NHL, union have contact, but no talks scheduled
NEW YORK — With a lockout drawing ever closer, the NHL and the players’ union are in touch with each other after a day of internal meetings.
But no new negotiating sessions are scheduled for Friday, one day before Commissioner Gary Bettman has said he will lock out the players. This would be the NHL’s fourth work stoppage since 1992.
On Thursday night, NHL deputy commissioner Bill Daly spoke to special counsel Steve Fehr, the brother of union executive director Donald Fehr. They did not, however, discuss a possible return to the bargaining table.
The contract expires at midnight EDT on Saturday. Bettman has said the season won’t start without a new deal. Training camps are to open Sept. 21, and the season is to begin Oct. 11.
“We have been clear that the collective bargaining agreement, upon its expiration, needs to have a successful agreement for us to move forward,” Bettman said Thursday. “The league is not in a position, not willing to move forward with another season under the status quo.”
The players turned out in force just a few blocks away at another midtown Manhattan hotel. Solidarity was evident, but optimism wasn’t. The last labor stoppage caused the cancellation of the entire 2004-05 season, a lockout that ended only when players accepted a salary cap and a 24 percent rollback of salaries.
Spain sweeps US in singles for 2-0 Davis Cup lead
GIJON, Spain — Even without facing Rafael Nadal, the United States is on the brink of elimination by the clay-court masters from Spain.
Sam Querrey and John Isner lost their opening singles matches Friday, giving the defending champions a 2-0 lead in the Davis Cup semifinals.
David Ferrer put the hosts ahead in the best-of-five series with a 4-6, 6-2, 6-2, 6-4 win over Querrey. Nicolas Almagro beat Isner 6-4, 4-6, 6-4, 3-6, 7-5 to leave Spain one point from its fourth final in five years.
Almagro overcame 25 aces from Isner, who saved three match points before hitting a forehand long.
The U.S. must win the doubles match Saturday to stay in the series, with brothers Mike and Bob Bryan facing Marcel Granollers and Marc Lopez. The Bryan twins are 4-0 when the U.S. has faced a 2-0 deficit, and 5-0 against Spain.
Reverse singles are Sunday. Spain is playing without injured Rafael Nadal, and the U.S. is without Andy Roddick, who retired after the U.S. Open.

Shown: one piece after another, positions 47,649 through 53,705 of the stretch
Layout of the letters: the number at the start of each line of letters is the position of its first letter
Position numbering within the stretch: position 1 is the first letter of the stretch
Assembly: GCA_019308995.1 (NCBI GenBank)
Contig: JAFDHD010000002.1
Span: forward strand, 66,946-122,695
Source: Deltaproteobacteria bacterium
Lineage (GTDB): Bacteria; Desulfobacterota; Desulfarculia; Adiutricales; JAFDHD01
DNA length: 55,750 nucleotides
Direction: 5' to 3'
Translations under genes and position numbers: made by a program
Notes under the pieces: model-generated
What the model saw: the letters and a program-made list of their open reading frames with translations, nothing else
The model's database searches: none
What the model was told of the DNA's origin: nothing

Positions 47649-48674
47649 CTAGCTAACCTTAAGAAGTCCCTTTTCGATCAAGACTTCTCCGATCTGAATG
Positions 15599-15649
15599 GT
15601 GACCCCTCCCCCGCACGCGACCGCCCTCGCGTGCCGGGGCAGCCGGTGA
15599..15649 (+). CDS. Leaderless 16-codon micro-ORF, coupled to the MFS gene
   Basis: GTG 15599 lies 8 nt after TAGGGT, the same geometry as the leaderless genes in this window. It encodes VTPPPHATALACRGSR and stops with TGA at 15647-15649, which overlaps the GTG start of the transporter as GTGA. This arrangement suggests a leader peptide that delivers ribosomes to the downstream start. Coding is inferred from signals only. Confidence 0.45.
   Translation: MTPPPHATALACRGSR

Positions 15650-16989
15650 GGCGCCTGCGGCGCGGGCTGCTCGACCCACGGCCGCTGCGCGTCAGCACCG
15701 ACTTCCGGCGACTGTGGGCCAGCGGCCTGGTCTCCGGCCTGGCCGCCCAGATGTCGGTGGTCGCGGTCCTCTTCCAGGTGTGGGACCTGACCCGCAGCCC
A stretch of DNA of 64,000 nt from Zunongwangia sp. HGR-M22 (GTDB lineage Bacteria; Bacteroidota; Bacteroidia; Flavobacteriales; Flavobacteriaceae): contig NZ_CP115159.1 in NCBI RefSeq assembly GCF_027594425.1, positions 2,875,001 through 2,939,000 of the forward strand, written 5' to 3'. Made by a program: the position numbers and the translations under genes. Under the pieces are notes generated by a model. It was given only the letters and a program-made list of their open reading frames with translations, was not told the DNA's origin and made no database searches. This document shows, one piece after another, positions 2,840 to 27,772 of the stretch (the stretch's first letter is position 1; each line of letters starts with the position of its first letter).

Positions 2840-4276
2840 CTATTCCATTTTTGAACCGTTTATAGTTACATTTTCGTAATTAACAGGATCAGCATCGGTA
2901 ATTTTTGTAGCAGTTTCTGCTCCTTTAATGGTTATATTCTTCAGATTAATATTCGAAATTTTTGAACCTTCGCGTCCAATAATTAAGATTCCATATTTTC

High wind wipes out play in Women’s British Open
HOYLAKE, England — Play was called off for the day at the Women’s British Open on Friday because of strong wind that disrupted the second round so badly that organizers declared early scores “null and void.”
With wind gusting to 60 mph at Royal Liverpool, players struggled to keep the ball on the tees and greens. Play was suspended at 8:25 a.m. with 36 players on the course and the round was called off at 2 p.m.
“I think it’s only the right thing to do,” Norwegian star Suzann Pettersen said. “The conditions were unreasonable. … I don’t think from the players’ perspective that there was any other outcome. It wasn’t just unfair conditions. It was unplayable. ”
England’s Felicity Johnson started with a quintuple-bogey 9. American Cristie Kerr’s ball blew off the 12th tee three times. Co-leader So Yeon Ryu bogeyed her only hole, the 10th, before play was stopped.
“It would have been unfair to those competitors not to declare play null and void and cancel all scores for the round in question,” Ladies Golf Union tournament director Susan Simpson said.
“The competitors began their round in extremely adverse weather conditions and conditions subsequently worsened despite our belief that they would remain stable.”
The second round is scheduled to restart early Saturday, with conditions forecast to be more playable. Organizers said the cut will be reduced from 65 and ties to 50 and ties.
The final two rounds are set for Sunday with a two-tee start and no redraw between rounds.
Penn State trustee: No detailed review of Freeh report
STATE COLLEGE, Pa. — The head of Penn State’s Board of Trustees said Friday the board isn’t planning a detailed review of the school’s internal investigation into the Jerry Sandusky child sex-abuse scandal.
Former FBI director and federal judge Louis Freeh led the school’s investigation. He and his team of investigators concluded that the late football coach Joe Paterno and three school officials concealed allegations against Sandusky, Paterno’s assistant and onetime heir apparent, conclusions Paterno’s family and the officials deny.
Trustees chairwoman Karen Peetz said the board is focused on implementing changes recommended by Freeh, which is hopes to do by the end of next year, but it did not plan a detailed review of the report itself. She said that would take its course in upcoming trials or other legal channels.
Peetz was responding to a question from the crowd at a trustees meeting, and a few critical audience members chuckled. It was the first time public comment was allowed at a board meeting.